KiwiRail says it is pleased with work undertaken to date on a potential extension of its rail network to Northport at Marsden Point.
The firm began geotechnical work in late October on a route for a 20-kilometre spur line from Oakleigh, running east toward Marsden Point.
The final drilling was completed today and further exploration work will continue this year, acting chief executive Todd Moyle said in a statement.
“Our investigations have focused on areas where the most significant engineering works would be needed,” he said.
“Concurrently we are looking at how we can upgrade the North Auckland Line between Auckland and Oakleigh. The tunnels on that line are old, low and narrow. We have had two significant derailments on the line in recent months due to a lack of funding for maintenance. It has been unable to carry passengers for the past year and freight options are restricted.”
Deputy Prime Minister Winston Peters and Regional Economic Development Minister Shane Jones visited the drilling site today.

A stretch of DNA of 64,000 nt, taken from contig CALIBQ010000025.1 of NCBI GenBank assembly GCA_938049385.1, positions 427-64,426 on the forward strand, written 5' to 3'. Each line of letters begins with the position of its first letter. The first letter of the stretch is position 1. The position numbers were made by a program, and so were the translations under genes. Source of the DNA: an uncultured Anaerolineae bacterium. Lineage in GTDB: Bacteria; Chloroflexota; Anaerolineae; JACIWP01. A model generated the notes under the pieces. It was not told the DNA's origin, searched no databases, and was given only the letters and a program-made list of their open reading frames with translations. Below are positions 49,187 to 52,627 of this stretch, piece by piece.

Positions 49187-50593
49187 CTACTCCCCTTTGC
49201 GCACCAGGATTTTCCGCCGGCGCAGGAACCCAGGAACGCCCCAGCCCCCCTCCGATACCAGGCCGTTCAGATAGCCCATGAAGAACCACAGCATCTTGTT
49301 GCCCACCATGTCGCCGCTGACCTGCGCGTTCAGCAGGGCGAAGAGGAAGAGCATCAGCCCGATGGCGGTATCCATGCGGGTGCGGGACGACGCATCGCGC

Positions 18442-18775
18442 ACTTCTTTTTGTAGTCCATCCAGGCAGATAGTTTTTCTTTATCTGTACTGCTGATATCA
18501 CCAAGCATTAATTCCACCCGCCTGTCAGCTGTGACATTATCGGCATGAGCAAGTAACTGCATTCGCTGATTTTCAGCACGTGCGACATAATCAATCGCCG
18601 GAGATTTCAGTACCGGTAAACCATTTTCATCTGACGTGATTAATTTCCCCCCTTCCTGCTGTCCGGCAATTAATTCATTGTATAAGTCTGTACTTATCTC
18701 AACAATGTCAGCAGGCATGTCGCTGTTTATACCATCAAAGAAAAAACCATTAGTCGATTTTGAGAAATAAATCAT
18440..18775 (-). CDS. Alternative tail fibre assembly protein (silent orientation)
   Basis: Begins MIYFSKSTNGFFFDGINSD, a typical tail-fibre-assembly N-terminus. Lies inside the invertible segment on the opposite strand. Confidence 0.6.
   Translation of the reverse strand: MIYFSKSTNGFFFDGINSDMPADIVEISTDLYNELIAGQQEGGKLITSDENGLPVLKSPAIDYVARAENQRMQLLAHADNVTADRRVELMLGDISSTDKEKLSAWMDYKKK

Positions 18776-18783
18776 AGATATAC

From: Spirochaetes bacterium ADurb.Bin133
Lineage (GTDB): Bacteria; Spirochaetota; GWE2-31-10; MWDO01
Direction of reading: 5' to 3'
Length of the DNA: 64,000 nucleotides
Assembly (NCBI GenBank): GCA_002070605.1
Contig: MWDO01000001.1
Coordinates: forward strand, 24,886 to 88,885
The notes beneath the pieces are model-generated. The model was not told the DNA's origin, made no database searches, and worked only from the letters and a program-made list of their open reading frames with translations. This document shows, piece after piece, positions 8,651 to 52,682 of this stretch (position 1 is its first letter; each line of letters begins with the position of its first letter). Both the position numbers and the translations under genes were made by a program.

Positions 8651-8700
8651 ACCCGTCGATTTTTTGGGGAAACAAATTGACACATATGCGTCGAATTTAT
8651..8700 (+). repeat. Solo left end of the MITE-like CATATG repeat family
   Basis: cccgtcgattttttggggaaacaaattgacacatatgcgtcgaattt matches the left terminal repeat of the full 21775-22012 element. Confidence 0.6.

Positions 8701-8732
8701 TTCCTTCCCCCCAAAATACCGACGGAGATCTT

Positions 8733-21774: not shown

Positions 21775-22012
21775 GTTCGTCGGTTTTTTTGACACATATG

New Zealand First has driven an investigation into the feasibility of relocating Ports of Auckland to Northport. That is being considered by a five-member working group tasked with developing a broader strategy to better integrate transport logistics chains in the upper North Island.
The cost of the new spur line was estimated at $100 million a decade ago. Bringing the Auckland to Northland line up to standard to handle major freight volumes has previously been estimated at more than $2 billion.
Jones, a list MP, lives in Northland and is a fan of rail. Tourism and freight projects of state-owned KiwiRail have so far received close to $90 million from the Provincial Growth Fund he oversees, including funding for the Northland spur study.
KiwiRail chair Greg Miller says significant agricultural and horticultural investment going into Northland will require an efficient supply chain.
The Provincial Growth Fund will allow a renewal of regional rail and there is a growing acceptance of the wider benefits rail brings by taking trucks off roads, reducing road maintenance costs and improving road safety, he says.
“There is a long way to go in Northland but we are heartened by what we have found so far.”